Sony Says 'Lard' Of Microsoft's FTC Subpoena Will Cost $2M

    In its latest request for more time to respond to Microsoft's subpoena regarding the software giant's planned $68.7 billion acquisition of Activision, Sony finally added some color explaining why it needs another deadline extension.

  • February 06, 2023

    Labcorp Inks $19M False Claims Act Deal In 10-Year-Old Case

    A pair of whistleblowers said Laboratory Corp. of America Holdings has agreed to fork over $19 million to end a case alleging the lab testing giant was part of a plan involving kickbacks to health care professionals over blood draws.

  • February 06, 2023

    Catching Up With Delaware's Chancery Court

    Bacardi and Jay-Z finally clinked glasses and resolved their long-running dispute over D'Usse cognac, a 72-year-old rule on judicial appointments got tossed, and three more electric vehicle companies asked the court to retroactively validate shares.

  • February 06, 2023

    Texas Joins Kansas, Okla. In Prairie Chicken Rules Challenge

    Texas Attorney General Ken Paxton announced Monday he plans to side with Oklahoma and Kansas in suing the Biden administration over its decision to list the lesser-prairie chicken as endangered or threatened in parts of Texas, calling the move a burden to the state's property owners.

  • February 06, 2023

    Roosevelt Hotel Seeks Halt To Arbitration Over Pension Funds

    The shuttered Roosevelt Hotel urged a New York state court to stop a union's arbitration bid over labor contract details that relate to whether the company owes $24.5 million in pension fund contributions, arguing the issue is already part of a federal court dispute.

  • February 06, 2023

    SEC Secures Partial Deal In $6M Stock Manipulation Case

    Roughly a month before facing the U.S. Securities and Exchange Commission in front of a jury, a New Jersey stock trader has agreed to refrain from gaming stock prices and to allow a federal judge to decide whether he'll have to pay back any of his allegedly ill-gotten gains.

  • February 06, 2023

    Cadwalader Adds FCPA Experts In DC From Willkie Farr

    Compliance and enforcement team partners Martin J. Weinstein and Jeffrey D. Clark have left Willkie Farr & Gallagher LLP to join Cadwalader Wickersham & Taft LLP's global litigation group in Washington, D.C., the firm said Monday.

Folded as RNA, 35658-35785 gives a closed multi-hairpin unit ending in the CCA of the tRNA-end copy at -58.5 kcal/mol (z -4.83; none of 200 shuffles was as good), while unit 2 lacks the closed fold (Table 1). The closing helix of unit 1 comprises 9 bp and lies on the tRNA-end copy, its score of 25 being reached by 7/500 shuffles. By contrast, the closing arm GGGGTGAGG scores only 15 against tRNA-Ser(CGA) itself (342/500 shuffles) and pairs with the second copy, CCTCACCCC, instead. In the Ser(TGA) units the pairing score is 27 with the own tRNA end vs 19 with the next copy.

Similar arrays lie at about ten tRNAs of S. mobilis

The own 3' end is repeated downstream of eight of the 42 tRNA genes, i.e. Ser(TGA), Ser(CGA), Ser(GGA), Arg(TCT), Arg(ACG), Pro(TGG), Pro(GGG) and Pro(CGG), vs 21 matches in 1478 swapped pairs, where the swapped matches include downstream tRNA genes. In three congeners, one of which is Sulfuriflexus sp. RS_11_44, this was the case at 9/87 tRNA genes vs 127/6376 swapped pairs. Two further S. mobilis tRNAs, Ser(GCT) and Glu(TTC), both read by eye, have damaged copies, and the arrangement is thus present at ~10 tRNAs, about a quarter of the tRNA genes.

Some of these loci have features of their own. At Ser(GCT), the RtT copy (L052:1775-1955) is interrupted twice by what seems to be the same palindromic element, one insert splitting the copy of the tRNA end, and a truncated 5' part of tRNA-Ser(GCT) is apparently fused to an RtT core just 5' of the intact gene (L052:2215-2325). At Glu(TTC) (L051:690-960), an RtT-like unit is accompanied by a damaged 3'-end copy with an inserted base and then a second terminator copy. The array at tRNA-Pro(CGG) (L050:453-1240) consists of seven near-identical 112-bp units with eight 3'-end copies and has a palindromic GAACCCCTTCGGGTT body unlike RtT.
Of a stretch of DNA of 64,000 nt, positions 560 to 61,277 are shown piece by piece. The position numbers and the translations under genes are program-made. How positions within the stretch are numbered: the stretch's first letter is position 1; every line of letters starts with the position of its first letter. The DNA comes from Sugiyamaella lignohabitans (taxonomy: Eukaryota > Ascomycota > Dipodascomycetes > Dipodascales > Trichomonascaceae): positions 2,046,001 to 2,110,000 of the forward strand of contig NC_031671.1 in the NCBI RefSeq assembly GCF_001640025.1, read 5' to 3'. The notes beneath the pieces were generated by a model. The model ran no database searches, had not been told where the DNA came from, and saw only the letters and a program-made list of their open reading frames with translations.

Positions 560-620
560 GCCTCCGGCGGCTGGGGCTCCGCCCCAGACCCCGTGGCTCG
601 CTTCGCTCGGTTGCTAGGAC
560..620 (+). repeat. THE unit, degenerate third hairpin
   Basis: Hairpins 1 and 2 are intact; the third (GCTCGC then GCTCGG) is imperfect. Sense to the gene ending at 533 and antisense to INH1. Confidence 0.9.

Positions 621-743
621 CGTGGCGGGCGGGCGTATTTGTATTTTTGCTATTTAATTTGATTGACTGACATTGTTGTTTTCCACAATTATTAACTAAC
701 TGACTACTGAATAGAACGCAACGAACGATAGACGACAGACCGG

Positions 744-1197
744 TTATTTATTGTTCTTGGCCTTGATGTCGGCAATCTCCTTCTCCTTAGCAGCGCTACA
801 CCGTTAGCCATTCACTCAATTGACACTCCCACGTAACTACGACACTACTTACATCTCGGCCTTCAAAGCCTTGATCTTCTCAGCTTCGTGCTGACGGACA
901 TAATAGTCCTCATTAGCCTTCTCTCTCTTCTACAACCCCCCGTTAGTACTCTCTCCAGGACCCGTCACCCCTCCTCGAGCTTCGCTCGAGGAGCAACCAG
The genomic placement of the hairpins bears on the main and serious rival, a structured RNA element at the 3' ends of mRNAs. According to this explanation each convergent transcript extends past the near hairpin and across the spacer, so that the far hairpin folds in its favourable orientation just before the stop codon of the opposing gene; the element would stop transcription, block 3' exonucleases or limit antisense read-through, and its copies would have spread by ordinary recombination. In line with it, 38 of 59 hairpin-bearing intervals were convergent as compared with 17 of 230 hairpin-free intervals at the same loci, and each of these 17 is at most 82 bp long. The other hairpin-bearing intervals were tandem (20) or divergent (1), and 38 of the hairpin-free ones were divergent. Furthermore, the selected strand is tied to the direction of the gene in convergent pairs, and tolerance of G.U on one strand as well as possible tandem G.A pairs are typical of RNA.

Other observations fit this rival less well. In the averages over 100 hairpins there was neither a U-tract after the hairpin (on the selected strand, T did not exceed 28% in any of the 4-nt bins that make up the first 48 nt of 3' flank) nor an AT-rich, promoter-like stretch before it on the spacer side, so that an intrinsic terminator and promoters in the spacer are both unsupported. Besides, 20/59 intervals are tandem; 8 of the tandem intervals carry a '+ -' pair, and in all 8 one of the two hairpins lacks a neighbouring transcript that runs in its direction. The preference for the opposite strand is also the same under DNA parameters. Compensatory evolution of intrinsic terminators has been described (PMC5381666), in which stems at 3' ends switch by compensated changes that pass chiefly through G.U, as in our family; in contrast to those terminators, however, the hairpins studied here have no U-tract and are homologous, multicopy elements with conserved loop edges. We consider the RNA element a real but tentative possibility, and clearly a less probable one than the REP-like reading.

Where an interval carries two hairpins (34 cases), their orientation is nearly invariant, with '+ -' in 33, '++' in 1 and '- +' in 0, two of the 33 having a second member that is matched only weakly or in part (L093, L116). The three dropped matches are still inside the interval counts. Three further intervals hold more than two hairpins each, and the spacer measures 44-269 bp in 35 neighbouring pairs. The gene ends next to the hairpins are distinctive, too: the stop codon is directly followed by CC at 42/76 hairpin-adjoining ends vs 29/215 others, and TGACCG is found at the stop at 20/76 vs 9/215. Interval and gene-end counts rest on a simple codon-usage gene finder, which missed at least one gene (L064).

• February 06, 2023

    Microsoft Threading Needle In Activision Merger Challenges

    The Federal Trade Commission's bid to block Microsoft's attempted merger with Activision represents an important test for an agency eager to push antitrust enforcement in a more aggressive direction and turn the tide after a year of stinging failed merger challenges.

  • February 04, 2023

    Judge: FTC Didn't Show Potential Harm From Meta VR Deal

    The Federal Trade Commission lost its initial challenge to Meta's purchase of virtual reality fitness app maker Within Unlimited because the agency failed to show the company was genuinely likely to enter the space without the deal, a California federal judge said in a ruling unsealed Friday.

  • February 03, 2023

    FDIC Ding Of Fintech Partner Bank May Signal Tougher Stance

    The Federal Deposit Insurance Corp. has downgraded the community lending rating given to a Utah digital bank that consumer groups have accused of facilitating predatory loans, a move that could signal tougher scrutiny ahead for other fintech partner banks.

  • February 03, 2023

    Opioids Ravaged Ga. Family, Jury Told In Distributor Case

    A Georgia fire captain took the stand Friday as the first plaintiff to testify in a private opioid trial against major drug distributors, telling jurors the drugs exacted a heavy toll on his relatives and their relationships.

Expert Analysis

  • The EPA's New Enviro Site Assessment Standard: Key Points

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    While the U.S. Environmental Protection Agency's previous standard for Phase I environmental site assessments will remain valid for another year, the agency's recent final approval of the newer ASTM E1527-21 standard means that it now represents the best practice for conducting ESAs, says Sedina Banks at Greenberg Glusker.

  • 10 Areas To Watch In Aerospace And Defense Law

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    Joseph Berger and Francis Purcell at Thompson Hine discuss what's ahead for federal contractors, given the government's continued focus on aiding Ukraine and sanctioning Russia, pending cybersecurity and climate disclosure regulations, U.S. leadership in new and emerging technologies, and more.

  • How FTC's Broadened Health Ad Guidance Affects Marketers

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    The Federal Trade Commission's new health products compliance guidance may change marketers' understanding of what is acceptable when substantiating all kinds of health claims — not just those for dietary supplements, say Daniel Kaufman and Randal Shaheen at BakerHostetler.

  • Reimagining Benefits For A World Without Noncompetes